More than 5,000 people gathered at Hong Kong’s Tamar Park on Sunday night, calling Beijing’s framework for the 2017 chief executive election “fake universal suffrage”, Apple Daily reported Monday.
Benny Tai, a founder of the Occupy Central movement that is at the forefront of the struggle for universal suffrage, declared that Hong Kong has entered an era of civil disobedience. He urged people to join hands and resist Beijing’s ruling.
Earlier in the day, the National People’s Congress (NPC) Standing Committee passed its universal suffrage framework allowing for one person, one vote.
But it ruled that candidates for the chief executive election must secure the approval of half of the 1,200-member nominating committee, and there can only be two or three candidates.
This sparked the angry protest at the government headquarters at Tamar Park. A police estimate put the turnout at 2,640 people.
Chan Kin-man, another founder of Occupy Central, said August 31 is the city’s darkest day. The people of Hong Kong people will continue to let their voice be heard whether Beijing listens or not, he said.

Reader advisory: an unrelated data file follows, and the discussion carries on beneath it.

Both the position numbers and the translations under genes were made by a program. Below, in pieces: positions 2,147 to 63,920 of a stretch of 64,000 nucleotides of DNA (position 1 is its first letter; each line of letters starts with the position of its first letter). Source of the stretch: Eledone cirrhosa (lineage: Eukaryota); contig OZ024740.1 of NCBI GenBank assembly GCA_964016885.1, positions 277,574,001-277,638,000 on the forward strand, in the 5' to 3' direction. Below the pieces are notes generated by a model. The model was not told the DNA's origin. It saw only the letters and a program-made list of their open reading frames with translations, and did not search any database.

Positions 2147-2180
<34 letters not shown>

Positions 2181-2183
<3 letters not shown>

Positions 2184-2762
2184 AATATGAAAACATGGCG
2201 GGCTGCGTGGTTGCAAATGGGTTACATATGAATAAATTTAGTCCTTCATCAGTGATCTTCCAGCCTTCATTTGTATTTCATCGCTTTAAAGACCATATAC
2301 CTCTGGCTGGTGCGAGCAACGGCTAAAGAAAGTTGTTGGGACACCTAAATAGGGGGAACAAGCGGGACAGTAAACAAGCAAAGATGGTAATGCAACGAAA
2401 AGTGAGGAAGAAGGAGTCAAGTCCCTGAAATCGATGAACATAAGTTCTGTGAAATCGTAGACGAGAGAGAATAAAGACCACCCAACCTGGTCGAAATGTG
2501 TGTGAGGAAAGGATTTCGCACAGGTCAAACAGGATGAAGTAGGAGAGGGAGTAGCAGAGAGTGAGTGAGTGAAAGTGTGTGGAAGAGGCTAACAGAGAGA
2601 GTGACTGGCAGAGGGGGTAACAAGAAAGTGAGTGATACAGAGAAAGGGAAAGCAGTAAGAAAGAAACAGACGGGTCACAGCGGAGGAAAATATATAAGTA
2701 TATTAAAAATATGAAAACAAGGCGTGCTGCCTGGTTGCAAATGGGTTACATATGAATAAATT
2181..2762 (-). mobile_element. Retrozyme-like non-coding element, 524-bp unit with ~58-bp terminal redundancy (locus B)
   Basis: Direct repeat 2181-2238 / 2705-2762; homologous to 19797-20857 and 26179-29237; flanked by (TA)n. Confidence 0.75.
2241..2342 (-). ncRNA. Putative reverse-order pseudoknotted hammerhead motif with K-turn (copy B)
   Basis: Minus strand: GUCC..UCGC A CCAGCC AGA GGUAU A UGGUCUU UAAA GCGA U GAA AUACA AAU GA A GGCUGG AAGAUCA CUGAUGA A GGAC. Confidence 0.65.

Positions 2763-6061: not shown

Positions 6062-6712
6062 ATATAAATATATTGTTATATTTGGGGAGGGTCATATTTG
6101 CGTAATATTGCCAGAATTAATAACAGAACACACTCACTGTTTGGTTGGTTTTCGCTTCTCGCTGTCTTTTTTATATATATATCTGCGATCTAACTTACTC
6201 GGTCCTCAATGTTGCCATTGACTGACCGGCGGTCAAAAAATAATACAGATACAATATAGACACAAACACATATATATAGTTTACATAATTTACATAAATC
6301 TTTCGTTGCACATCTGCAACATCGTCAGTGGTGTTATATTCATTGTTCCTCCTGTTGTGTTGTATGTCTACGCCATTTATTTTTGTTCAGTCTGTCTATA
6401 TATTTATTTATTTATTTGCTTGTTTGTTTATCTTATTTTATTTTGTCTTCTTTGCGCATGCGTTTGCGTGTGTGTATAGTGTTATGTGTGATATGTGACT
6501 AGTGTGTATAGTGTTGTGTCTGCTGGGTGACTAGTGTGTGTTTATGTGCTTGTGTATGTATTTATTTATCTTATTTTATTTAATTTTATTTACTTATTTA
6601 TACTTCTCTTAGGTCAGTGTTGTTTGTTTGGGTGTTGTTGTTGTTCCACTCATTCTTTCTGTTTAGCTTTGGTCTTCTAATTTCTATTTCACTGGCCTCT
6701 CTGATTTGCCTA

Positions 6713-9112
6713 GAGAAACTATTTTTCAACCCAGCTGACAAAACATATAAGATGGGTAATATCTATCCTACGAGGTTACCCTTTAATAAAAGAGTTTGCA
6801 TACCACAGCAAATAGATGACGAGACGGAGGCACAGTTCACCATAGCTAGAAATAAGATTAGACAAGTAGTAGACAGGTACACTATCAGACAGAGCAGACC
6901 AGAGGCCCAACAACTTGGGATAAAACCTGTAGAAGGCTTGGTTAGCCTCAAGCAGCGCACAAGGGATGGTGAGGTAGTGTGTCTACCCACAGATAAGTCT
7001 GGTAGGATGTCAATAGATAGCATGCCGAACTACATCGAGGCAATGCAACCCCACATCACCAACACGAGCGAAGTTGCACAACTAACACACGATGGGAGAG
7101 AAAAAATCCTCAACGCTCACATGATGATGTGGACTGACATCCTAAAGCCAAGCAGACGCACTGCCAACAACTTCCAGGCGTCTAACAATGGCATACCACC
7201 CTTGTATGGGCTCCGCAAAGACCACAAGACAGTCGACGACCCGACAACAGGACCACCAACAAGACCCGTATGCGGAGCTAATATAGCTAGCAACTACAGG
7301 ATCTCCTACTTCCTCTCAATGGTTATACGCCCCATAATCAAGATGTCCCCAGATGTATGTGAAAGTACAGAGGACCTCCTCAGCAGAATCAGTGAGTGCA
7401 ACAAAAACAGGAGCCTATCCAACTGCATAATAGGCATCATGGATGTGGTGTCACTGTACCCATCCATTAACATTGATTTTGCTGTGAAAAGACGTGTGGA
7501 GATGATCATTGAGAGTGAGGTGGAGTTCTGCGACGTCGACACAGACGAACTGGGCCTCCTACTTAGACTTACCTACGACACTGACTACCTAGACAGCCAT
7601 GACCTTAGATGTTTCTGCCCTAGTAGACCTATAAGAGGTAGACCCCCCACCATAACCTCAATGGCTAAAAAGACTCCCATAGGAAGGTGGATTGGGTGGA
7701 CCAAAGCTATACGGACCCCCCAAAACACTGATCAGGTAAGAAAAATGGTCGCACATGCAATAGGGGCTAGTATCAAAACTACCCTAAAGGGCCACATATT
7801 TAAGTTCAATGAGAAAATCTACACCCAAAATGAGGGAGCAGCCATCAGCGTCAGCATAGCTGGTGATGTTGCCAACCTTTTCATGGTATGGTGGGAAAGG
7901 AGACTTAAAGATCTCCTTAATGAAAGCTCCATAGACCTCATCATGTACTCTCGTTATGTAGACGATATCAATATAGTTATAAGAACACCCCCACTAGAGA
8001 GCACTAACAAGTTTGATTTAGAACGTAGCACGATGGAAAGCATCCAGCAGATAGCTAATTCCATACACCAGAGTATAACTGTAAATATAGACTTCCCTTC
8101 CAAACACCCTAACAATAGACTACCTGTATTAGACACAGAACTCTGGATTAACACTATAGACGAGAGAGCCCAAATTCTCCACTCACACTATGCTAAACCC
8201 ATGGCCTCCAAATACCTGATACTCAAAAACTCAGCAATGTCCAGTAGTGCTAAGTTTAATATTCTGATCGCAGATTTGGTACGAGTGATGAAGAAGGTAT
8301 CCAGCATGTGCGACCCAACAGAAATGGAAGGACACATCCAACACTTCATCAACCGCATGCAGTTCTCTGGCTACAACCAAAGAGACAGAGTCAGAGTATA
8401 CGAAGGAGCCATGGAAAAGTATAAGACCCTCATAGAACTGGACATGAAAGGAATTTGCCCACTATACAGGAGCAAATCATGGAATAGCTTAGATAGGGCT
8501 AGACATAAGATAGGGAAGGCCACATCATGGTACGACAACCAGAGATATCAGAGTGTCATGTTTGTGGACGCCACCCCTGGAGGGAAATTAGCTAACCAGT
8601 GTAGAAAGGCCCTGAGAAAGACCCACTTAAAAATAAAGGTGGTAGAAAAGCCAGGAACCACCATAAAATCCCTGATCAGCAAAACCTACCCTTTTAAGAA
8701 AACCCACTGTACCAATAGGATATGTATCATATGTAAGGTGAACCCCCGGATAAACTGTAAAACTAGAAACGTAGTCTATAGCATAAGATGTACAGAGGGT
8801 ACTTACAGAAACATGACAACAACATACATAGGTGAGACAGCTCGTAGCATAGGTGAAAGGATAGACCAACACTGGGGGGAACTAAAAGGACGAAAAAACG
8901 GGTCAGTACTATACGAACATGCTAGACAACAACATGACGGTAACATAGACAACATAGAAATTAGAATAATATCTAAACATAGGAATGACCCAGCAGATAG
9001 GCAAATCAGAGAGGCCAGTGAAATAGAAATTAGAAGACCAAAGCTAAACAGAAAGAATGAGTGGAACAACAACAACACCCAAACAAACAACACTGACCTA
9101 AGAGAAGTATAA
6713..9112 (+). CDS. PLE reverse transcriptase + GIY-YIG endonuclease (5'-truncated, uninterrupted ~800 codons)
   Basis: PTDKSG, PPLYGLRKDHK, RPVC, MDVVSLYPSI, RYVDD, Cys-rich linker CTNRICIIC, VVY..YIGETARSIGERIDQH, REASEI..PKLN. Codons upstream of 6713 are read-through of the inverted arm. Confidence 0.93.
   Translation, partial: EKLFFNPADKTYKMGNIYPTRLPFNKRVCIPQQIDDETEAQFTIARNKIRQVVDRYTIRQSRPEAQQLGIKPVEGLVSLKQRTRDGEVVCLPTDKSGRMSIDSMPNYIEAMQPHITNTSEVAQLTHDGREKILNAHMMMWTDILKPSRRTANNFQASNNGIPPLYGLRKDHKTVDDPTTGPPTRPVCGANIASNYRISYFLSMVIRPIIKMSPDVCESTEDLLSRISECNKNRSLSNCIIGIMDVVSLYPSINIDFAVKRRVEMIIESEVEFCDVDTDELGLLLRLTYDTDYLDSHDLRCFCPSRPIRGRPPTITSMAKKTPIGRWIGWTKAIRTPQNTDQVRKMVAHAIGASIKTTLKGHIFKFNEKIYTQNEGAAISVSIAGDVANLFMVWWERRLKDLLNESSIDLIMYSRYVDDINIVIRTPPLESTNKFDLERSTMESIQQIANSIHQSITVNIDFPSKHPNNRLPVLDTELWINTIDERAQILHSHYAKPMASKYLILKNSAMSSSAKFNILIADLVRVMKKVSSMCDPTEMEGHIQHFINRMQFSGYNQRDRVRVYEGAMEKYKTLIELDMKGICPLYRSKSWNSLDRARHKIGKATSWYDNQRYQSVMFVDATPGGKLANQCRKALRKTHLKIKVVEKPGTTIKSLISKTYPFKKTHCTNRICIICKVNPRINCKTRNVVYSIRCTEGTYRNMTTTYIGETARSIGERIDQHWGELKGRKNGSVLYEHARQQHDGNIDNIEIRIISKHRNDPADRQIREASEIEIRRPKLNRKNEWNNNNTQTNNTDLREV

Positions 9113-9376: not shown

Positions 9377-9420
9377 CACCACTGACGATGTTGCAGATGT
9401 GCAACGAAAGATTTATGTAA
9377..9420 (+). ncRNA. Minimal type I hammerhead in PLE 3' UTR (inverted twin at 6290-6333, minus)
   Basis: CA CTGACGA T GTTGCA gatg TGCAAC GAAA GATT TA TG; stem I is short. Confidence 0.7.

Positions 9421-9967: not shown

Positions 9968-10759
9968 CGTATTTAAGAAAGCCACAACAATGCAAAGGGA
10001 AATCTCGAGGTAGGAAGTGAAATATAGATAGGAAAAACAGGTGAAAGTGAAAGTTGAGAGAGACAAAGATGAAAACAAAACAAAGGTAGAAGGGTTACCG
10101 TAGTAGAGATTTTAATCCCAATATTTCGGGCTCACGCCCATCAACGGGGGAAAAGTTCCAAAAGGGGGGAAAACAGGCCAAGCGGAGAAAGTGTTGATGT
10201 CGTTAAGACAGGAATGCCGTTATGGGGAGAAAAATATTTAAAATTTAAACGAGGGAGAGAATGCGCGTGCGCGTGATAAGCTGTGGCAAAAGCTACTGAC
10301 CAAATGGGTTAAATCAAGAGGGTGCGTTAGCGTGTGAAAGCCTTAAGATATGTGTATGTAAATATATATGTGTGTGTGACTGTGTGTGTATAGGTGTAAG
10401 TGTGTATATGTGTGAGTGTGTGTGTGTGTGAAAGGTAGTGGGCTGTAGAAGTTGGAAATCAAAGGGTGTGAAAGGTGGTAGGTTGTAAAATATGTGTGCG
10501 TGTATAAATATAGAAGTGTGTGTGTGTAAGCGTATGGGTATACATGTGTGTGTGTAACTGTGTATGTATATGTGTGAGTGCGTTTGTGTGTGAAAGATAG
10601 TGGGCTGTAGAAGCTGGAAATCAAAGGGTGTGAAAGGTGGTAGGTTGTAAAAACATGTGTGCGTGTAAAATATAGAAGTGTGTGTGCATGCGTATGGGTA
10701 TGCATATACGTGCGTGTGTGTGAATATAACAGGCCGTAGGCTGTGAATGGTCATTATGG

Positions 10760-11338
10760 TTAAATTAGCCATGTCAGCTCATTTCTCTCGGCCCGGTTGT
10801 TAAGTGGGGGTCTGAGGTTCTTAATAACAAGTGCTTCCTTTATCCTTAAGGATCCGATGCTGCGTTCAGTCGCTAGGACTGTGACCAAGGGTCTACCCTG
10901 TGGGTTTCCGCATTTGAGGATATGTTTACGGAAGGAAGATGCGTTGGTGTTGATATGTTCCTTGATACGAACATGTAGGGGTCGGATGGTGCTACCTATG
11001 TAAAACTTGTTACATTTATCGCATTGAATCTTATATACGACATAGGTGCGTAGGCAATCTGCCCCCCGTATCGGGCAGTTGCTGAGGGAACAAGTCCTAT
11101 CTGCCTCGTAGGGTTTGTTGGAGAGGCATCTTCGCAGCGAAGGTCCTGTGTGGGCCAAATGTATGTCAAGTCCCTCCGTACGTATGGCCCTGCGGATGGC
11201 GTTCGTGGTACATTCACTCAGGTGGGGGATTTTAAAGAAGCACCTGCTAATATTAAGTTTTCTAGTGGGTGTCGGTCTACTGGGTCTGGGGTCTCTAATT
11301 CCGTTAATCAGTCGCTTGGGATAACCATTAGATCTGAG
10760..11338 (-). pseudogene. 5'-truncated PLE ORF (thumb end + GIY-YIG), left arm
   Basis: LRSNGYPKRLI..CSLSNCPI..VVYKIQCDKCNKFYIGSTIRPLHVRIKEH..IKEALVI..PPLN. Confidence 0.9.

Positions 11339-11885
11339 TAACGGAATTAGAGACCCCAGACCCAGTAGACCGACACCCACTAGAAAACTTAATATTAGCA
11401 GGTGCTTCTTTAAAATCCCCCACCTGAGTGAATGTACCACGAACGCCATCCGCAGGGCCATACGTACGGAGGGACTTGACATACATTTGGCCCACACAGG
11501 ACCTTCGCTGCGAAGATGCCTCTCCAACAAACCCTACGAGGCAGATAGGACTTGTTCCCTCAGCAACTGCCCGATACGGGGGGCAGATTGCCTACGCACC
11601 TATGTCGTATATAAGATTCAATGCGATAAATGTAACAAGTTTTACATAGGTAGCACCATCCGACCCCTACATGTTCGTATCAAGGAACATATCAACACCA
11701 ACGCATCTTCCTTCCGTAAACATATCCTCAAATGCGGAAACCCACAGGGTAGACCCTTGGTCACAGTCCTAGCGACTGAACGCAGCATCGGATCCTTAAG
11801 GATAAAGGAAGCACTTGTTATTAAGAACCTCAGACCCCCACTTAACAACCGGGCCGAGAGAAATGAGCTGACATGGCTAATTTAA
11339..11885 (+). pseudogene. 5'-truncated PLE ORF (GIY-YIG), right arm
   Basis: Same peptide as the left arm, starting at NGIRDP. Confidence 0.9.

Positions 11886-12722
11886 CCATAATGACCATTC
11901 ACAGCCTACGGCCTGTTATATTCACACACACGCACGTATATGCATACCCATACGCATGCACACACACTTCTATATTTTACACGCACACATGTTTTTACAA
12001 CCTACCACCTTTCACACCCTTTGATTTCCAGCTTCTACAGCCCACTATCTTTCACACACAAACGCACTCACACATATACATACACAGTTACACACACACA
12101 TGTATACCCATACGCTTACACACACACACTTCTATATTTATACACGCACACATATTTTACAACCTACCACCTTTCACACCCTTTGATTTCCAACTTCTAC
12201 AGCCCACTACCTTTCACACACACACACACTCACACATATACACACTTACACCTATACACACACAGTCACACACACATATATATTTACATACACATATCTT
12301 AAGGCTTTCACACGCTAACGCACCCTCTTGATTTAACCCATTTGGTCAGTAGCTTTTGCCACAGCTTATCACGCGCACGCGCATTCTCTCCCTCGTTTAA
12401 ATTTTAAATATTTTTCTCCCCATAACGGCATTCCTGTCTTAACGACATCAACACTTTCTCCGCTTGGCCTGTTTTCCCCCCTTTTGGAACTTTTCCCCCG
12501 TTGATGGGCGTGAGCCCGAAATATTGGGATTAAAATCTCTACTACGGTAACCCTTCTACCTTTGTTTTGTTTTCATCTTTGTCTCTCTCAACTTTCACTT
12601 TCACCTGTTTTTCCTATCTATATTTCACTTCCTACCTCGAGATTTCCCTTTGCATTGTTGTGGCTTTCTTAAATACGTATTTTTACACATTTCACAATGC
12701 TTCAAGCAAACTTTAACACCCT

Joseph Cheng Yu-shek, convenor of the Alliance for True Democracy, said Hong Kong people will keep demonstrating to the world their long-term and peaceful resistance.
The three founders of the civil disobedience movement, including Chu Yiu-ming, said the rally is not an end and participants will regroup again in Central. They also said demonstrations and class boycotts by students will follow soon.
In contrast to Beijing’s ruling on qualifying chief executive candidates, pro-democracy groups are demanding that every citizen should have the right to nominate a candidate.
More than 20 pan-democracy legislators vowed to the protesters that they will do their best to veto the NPC decision.
The Civil Human Rights Front will today distribute yellow ribbons to the public all over the city, hoping everyone will wear it and urge their acquaintances to join the Occupy Central action.
Li Fei, deputy secretary-general of the NPC Standing Committee and chairman of the Basic Law Committee, is set to present the universal suffrage framework in Hong Kong today.
More than 1,100 protesters spilled over from the Tamar Park rally to protest at the Grand Hyatt hotel where Li was staying. Police took away several demonstrators who were involved in scuffles.
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